ACNPC-AG vs. AGACNP-BC

  1. what's the difference between these two credentials? I'm lost.
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  2. 8 Comments

  3. by   juan de la cruz
    Graduates of Adult Gerontology ACNP programs have two options for national board certification examination. These two credentials basically correspond to the specific board exam the NP took and passed. ACNPC-AG is a credential awarded by the American Association of Critical Care Nurses. AGACNP-BC is a credential awarded by the American Nurses Credentialing Center.
  4. by   nursingsprettycool17
    ahh i see, so there's no difference practice wise? like both of these credentials allow the np to do the same things and see the same patients ?
  5. by   juan de la cruz
    National certification from either ANCC or AACN is just one step in being able to practice. Both certification credentials are similar in that they are the first step a new graduate would do to start a practicing. They are also both widely accepted across all 50 states. The next step is usually obtaining state licensure as an NP. Each state has their own practice scope and that really determines what NP's could and could not do.

    In order to get paid for our services, there is also insurance credentialing which in most cases involve getting an NPI number, CMS application, and approval from a number of private insurances. As ACNP's, many of us practice in hospital setting that also require application for hospital privileges.
  6. by   diprifan
    Like Juan said, it's just one step. They both get you to get licensed in your state. Being "allowed" to do a procedure or skill is a part of the credentialing and hospital privileging process. Not sure about every state but mine makes mention of seeing the population that you were educated for... so the adult-gerontology acute care population is what I am educated for.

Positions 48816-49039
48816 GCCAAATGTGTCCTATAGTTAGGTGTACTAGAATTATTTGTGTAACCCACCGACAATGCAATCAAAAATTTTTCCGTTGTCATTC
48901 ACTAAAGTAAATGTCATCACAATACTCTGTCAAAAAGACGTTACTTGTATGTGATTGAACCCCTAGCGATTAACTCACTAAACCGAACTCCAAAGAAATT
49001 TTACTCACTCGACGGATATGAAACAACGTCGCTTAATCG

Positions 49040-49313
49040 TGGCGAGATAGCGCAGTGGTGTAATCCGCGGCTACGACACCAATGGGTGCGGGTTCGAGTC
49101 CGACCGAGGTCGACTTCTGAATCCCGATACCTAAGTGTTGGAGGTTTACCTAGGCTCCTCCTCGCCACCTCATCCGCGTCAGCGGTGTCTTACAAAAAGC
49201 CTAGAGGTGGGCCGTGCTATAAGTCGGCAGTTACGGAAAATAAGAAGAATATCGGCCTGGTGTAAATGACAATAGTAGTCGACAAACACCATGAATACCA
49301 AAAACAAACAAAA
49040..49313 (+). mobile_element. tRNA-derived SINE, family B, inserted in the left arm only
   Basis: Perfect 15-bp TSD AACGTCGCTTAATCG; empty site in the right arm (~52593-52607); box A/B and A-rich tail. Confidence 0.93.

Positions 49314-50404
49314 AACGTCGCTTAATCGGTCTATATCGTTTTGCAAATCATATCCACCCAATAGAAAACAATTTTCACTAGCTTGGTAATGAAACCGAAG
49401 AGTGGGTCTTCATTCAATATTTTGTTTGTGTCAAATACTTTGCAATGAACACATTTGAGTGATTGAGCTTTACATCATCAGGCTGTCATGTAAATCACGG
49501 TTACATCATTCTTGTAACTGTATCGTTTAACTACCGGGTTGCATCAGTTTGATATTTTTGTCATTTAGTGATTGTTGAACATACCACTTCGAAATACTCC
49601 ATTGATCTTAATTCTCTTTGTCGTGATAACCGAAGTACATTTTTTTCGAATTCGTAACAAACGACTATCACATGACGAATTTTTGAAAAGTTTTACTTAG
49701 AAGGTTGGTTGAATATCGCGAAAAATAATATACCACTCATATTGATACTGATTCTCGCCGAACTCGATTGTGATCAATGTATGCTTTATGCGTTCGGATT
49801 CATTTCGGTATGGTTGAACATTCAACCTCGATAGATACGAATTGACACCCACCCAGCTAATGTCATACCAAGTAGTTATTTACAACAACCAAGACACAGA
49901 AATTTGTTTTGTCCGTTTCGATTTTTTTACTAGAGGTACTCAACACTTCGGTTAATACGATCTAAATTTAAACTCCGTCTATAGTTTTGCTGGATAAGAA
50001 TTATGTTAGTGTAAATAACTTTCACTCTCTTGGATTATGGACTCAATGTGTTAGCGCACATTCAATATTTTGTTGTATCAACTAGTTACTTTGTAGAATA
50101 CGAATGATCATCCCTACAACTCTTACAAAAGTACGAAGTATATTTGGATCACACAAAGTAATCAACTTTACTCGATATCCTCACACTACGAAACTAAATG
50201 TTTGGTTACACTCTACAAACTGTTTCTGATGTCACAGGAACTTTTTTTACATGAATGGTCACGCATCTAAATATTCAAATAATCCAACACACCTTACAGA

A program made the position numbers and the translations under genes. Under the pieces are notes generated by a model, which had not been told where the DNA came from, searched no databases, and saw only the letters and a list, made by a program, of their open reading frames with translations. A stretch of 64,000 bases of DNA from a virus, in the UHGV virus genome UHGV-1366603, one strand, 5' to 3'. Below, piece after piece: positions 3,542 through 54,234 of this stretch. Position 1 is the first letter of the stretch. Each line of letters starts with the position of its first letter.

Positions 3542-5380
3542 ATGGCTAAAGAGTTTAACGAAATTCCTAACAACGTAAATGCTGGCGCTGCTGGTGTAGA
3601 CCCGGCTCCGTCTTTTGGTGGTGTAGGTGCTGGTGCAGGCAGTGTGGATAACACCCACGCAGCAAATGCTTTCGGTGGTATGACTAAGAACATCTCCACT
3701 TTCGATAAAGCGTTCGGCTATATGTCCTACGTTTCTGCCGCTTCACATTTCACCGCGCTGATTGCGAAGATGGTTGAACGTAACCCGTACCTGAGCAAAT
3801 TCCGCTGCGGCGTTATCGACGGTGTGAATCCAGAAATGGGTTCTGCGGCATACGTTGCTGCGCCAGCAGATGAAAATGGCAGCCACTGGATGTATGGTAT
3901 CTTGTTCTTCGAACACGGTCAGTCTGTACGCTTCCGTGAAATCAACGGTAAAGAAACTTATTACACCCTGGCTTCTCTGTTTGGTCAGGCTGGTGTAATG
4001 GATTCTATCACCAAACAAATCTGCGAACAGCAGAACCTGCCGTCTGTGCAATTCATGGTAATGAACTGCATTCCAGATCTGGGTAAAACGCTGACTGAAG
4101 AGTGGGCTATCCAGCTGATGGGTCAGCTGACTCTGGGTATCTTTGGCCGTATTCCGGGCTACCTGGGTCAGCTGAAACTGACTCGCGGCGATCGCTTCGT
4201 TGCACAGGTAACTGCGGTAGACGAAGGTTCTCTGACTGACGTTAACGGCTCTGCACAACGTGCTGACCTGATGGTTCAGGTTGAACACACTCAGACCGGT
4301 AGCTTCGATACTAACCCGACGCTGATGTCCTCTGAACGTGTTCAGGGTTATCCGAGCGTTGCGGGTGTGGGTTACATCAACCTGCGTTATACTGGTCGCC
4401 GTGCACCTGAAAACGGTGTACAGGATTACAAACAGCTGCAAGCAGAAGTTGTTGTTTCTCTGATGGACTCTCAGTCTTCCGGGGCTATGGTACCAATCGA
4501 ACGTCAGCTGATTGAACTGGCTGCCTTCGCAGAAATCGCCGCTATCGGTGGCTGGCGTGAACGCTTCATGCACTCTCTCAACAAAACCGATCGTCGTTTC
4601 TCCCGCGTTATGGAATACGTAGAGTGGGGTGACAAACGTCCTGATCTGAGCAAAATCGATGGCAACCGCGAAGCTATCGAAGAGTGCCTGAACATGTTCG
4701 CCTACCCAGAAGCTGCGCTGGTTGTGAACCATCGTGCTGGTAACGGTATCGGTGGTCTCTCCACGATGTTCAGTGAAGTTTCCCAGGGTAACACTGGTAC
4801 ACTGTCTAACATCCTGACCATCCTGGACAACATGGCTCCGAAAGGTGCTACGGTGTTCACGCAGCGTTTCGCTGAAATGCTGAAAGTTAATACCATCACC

There are other posts that mention the differences in the actual exams; but they are generally the same in terms of content.
  7. by   nursingsprettycool17
    Thanks for your help, I notice that you said you're also an ACNP. So I have another question. I've been wondering. Lets say that you get tired of acute care; so since you're an ACNP could you also, like for the heck of it, open up your own primary care clinic under your license? Or are FNPs the only APRNs that are allowed to open up a primary care clinic? if you couldn't do primary care could you then instead decide to open up an emergency room clinic? or an urgent care clinic? or any other type of independent clinical practice? is any of this possible? or are ACNPs forever bound to work as hospital employees?
  8. by   AnonymousACNPCAG
    I'm pro Acnp -ag! Just because I'm a CCU nurse at heart lol. But your scope of practice is the same for both. Also most states say you can't do primary care as an ACNP but you can open an urgent care or work in an internal Med clinic depending on your state. If you want to do "family" med you could go back to school to get the family portion and sit for FNP boards ... or you could do like me and go through a dual role course and sit for both boards (FNP and ACNPC-AG)
  9. by   nursingsprettycool17
    ahhh okay, so fnps open up primary care clinics and acnps open up urgent care clinics? am i understanding you right? what about midwives? do they fall under primary or urgent care? i would assume both, primary during the pregnancy and urgent during labor right? could a midwife open up a labor and delivery clinic? do those even exist lol? what about crnas? can they open up some type of independent practice? or psych nps? can they open up their own detox or rehab centers?
  10. by   AnonymousACNPCAG
    My understanding is that you are referring to opening an outpatient private practice to work there as well. I don't know whether or not midwives can open like private birthing centers or CRNAs opening private practices since I can only speak for my certifications and state requirements. There are many outpatient Psych clinics run by NPs, but not sure of the others. Again this is if you plan to practice there, I'm sure technically you can open any kind of business you want since medicine is essentially a business with providers as employees, but if you plan to practice there of course it would need to be within your scope of practice... hope this helps

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